The U.S. unemployment rate at 4.4 percent is at its lowest level in 10 years. The Bureau of Labor Statistics estimates there are more than 6.2 million job openings. But just because there are jobs doesn’t mean that graduating college students are guaranteed work. One thing that can hurt graduating students’ chances of getting a job is the lack of an internship on their resume. Internships can demonstrate that students gained on-site and hands-on experience in their field of study.
As El Paso native Khalid becomes more and more famous, interest in becoming an artist or recording the next superstar is rising. I cannot tell you how to become the next Khalid, but if you want to become an audio engineer (the person that pushes all the buttons and records the artist), as an audio engineering graduate and former intern, I can give you several tips on how to get started.
1. Get educated
The first step to acquiring an internship is getting an education in audio engineering. Most studios (especially the more well-known studios) require some sort of formal education from an accredited college or technical school before even looking at an applicant. Depending on who you know, you might be able to get away with not going to school, but knowledge and skills are still required to be successful.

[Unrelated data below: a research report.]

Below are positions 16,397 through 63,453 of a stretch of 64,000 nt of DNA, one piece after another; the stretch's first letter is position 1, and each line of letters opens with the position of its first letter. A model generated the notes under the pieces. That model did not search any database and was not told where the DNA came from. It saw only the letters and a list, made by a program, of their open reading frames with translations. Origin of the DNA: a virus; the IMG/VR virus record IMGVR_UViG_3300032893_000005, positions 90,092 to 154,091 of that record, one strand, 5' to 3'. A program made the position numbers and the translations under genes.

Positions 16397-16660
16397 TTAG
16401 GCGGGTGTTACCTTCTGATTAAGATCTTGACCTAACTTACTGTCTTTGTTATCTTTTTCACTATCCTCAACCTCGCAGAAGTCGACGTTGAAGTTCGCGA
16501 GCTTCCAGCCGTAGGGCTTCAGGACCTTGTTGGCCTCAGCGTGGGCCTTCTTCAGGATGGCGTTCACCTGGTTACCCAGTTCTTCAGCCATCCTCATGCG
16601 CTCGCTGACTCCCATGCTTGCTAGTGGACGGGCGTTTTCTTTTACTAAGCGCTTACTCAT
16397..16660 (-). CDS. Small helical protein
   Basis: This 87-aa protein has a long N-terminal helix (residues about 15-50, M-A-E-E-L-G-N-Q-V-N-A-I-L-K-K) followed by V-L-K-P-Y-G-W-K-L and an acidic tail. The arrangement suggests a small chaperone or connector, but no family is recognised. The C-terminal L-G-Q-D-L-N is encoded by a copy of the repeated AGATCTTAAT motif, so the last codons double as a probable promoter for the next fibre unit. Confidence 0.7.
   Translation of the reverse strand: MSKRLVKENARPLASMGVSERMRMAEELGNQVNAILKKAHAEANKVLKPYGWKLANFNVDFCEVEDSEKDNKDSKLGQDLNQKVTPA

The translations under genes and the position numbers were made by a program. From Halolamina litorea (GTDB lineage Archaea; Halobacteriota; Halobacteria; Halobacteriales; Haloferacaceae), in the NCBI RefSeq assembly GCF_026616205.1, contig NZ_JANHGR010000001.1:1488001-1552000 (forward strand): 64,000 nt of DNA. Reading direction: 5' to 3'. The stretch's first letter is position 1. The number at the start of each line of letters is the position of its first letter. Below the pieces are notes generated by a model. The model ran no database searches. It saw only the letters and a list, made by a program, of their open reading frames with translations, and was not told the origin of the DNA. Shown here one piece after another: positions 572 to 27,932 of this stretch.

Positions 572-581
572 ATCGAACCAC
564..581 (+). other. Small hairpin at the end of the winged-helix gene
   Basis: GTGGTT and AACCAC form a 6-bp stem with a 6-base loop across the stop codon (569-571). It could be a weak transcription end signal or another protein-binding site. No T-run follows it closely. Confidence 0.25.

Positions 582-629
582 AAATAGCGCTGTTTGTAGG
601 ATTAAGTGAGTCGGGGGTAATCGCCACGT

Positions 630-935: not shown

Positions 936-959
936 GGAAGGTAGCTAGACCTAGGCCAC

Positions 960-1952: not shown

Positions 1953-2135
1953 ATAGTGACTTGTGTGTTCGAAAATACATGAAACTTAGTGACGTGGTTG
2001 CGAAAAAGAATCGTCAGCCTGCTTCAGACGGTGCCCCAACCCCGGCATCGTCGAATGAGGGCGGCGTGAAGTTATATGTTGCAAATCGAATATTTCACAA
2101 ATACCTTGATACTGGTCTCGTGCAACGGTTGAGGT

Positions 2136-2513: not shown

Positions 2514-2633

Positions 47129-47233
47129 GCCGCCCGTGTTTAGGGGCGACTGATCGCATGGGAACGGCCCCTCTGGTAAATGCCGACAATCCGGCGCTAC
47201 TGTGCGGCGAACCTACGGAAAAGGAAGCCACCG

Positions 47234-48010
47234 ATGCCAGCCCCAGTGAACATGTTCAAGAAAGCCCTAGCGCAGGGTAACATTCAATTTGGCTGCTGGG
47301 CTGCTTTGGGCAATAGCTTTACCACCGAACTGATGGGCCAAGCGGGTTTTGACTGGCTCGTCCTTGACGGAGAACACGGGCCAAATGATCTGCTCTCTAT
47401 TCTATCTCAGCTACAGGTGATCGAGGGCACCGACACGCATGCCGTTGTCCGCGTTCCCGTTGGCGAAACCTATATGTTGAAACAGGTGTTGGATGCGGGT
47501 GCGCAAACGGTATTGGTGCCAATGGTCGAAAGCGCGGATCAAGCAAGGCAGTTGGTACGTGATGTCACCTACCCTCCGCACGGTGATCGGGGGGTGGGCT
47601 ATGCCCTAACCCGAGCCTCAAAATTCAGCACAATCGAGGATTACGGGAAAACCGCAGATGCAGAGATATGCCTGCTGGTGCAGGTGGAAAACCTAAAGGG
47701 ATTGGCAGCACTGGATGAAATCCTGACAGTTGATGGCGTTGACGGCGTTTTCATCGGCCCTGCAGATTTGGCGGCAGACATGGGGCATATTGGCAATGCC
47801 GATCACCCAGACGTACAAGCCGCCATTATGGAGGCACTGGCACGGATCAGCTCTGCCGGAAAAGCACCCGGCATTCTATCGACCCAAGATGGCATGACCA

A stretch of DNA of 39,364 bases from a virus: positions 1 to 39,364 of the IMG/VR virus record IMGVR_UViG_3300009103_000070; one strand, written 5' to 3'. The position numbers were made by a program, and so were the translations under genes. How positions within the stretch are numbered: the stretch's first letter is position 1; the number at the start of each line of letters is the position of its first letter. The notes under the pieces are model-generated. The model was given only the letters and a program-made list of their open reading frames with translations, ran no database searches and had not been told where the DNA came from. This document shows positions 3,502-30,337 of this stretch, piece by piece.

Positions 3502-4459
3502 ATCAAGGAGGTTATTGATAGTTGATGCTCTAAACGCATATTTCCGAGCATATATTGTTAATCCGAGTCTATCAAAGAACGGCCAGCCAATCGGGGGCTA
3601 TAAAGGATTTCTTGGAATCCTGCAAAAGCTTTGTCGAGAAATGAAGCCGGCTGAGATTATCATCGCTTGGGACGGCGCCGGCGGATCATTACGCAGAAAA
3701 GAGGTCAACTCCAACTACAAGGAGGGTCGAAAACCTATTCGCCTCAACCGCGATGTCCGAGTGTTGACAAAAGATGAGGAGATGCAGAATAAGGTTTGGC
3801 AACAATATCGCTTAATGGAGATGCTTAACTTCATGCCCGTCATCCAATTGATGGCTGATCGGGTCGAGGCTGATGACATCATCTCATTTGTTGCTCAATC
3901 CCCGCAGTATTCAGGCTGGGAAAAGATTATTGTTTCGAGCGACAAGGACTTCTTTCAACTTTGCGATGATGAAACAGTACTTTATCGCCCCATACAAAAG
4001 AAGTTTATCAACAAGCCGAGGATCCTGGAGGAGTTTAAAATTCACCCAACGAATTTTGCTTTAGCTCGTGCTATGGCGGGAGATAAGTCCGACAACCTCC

When a soldier is deployed into a place of combat, dealing with separation from familiar surroundings and loved ones may be difficult. To get through the especially trying times, soldiers have an abundance of resources made available to them by the Army – both on base and while they are deployed. According to the 2016 “Army Posture Statement,” the Army has approximately 190,000 soldiers deployed to 140 countries. Business Insider, a news website, compiled statistics from various publications and reports that a large number of Army soldiers are spread across Kuwait, Afghanistan, Iraq, and Poland. While deployed, soldiers experience many combat stressors such as seeing dead bodies, being shot at and attacked, and knowing someone who was killed or seriously injured. According to The U.S. Department of Veterans Affairs (VA), almost 14 percent of troops deployed to Iraq and Afghanistan are likely to have post-traumatic stress disorder (PTSD) and are at risk for other mental health problems. This percentage is similar to Vietnam theater Veterans (12 percent) and Gulf War Veterans (10 percent) who suffer from PTSD.